One of Alaska's most intractable hunting issues -- who should be allowed to hunt
the 36,700 caribou roaming the Nelchina and Copper river basins -- was stalked
by the Alaska Board of Game this week through a thicket of sport-hunting and
local subsistence interests.
In the end, the board eased off the trigger.
After spending Monday and Tuesday in a lively discussion with Native leaders and hunting representatives, the seven-member board voted to revise a proposal to overhaul the hunting rules, with the idea that people in villages and Alaska's cities could study it further.
The board could then tackle the issue later, in time to change the rules for hunts in 2006. A committee led by board member Ron Sommerville planned to meet again Wednesday night and incorporate suggestions heard during public testimony and discussions.
The board plans to discuss the issue when it reconvenes first thing today, board chairman Mike Fleagle said.
"No matter what the board does, it's not going to be perfect," Sommerville said Tuesday. "But what we have right now, almost everybody agrees, is badly broken."
Ahtna leaders, representing Alaska Natives of the Copper Basin, had told Sommerville and other board members that the proposal was moving too fast, with details of the sweeping changes still unfamiliar to many residents in the region's eight villages.
"We're requesting that the game board delay this process," said Ken Johns, the president and CEO of Ahtna Inc. and a former Game Board member, in a brief interview on Monday. "The education process was not carried out."
The Nelchina caribou harvest has been managed under a complicated "Tier II" system that limits who can hunt based largely on their hunting history. Most of the permits go to urban residents rather than village residents, and few young people from rural or urban areas bother to apply.
In 2003, only 2,005 permits were issued to more than 7,800 applicants, with most going to Anchorage or Matanuska-Susitna Borough. Some 756 caribou were killed under state rules; Copper Basin residents took another 329 animals under a separate federal subsistence program.
Proposal 155 would replace the Tier II system with a "super exclusive" subsistence hunting zone. It would be open to any Alaska resident willing to hunt this area but nowhere else in the state. These hunters would also have to abide by restrictions that would make the hunt resemble what some view as classic or traditional subsistence. For instance, the rules might require salvage of all meat and bone, and might prohibit airplanes, motor homes or off-road vehicles.
Backers said they hoped this new system would reduce the number of state-designated subsistence hunters to people who really need the meat and practice traditional methods, Sommerville said. In years that the herd numbers were up, the new system would free up enough caribou for a drawing hunt open to nonsubsistence hunters from across the state.
The board, meeting in Anchorage through March 13, was also looking into several other proposals that touched on the Nelchina hunt, including one that would change the Tier II permit formula in a way that would eliminate all Anchorage and Fairbanks residents from the hunt, dramatically increasing rural participation.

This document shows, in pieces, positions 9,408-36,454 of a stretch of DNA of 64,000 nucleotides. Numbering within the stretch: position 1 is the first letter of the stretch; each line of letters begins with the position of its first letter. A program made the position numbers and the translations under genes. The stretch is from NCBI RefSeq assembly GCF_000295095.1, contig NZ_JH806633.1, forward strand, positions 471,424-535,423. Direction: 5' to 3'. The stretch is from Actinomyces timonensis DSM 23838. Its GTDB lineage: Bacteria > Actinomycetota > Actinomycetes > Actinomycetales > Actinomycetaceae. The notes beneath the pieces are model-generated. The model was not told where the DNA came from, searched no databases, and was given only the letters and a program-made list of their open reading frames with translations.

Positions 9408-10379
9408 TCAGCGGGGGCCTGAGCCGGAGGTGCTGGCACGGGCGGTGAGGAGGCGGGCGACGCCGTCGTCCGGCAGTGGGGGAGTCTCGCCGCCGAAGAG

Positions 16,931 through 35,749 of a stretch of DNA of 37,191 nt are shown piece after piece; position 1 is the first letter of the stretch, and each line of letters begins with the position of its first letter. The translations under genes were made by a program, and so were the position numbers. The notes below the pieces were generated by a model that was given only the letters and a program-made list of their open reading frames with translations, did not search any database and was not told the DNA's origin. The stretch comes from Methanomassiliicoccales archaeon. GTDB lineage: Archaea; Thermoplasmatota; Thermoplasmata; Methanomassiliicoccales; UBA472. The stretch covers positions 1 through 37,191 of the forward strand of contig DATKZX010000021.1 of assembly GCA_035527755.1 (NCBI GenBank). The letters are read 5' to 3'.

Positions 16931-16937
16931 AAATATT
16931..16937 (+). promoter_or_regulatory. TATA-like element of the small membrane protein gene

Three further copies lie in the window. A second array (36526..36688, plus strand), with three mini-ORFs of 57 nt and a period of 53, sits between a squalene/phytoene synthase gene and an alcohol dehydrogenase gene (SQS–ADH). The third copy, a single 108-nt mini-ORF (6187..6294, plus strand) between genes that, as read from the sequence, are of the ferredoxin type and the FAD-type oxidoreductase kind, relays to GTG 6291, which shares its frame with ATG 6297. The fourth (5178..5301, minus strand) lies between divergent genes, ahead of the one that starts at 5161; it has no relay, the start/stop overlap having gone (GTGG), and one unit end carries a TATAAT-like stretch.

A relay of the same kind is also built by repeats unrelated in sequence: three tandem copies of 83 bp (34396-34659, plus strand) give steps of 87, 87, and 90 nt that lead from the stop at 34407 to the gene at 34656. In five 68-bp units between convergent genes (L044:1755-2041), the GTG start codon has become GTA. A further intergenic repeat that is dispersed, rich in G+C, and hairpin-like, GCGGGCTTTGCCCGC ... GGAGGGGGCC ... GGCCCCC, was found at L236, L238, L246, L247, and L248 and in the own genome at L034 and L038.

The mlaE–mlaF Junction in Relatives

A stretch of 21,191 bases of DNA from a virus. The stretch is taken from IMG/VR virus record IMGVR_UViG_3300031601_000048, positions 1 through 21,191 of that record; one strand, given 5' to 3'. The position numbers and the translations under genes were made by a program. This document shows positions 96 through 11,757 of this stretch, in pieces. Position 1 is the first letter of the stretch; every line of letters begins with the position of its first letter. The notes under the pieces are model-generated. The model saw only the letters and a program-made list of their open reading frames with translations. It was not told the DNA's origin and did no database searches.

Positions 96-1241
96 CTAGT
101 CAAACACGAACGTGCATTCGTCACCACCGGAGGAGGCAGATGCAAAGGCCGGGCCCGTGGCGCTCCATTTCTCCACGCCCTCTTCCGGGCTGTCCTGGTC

During five days of talk and testimony, guides and hunters, chairs of advisory committees and hunting groups made dozens of suggestions. An Ahtna committee submitted four pages of single-spaced modifications.
Among the issues: Should moose or small game be included? How about trapping? Should people be allowed to use vehicles to retrieve game? Where should the boundaries of the "super exclusive" areas fall?
People seemed to agree on some elements: that all hunters should be required to report their harvest and that some types of vehicle use might be OK.
But many details were unsettled, and Native leaders worried in particular about the boundaries of the exclusive zones. The possibility that Ahtna people might not be allowed to hunt on Native corporate land -- an example might be about 750,000 acres inside Wrangell-St. Elias National Park and Preserve -- would not be well received, board member Roy Ewan said.
"I get the feeling that we're trying to hurry this up to please somebody else, and not the local people," Ewan told the group on Tuesday. "I get the very great sense that there might be lawsuits. I can't express how great it is that we delay this."
Game Board member Ted Spraker, a retired Alaska state wildlife biologist, told Ewan and others that the new proposal would increase the number of Native residents who could hunt caribou, and that it was important to keep working toward a solution.
"I sincerely believe that this is a better system for the Ahtna people," he said at one point. "It comes from the perspective to want to do more."
Mike Smith, with the Tanana Valley Chiefs Conference, said he didn't doubt Spraker's sincerity.
"It's just it's the old adage, 'We think we know what's best for you. Here's what we've done. What do you think about it?' he said. "I think it's the wrong approach."
Daily News reporter Doug O'Harra can be reached at email@example.com.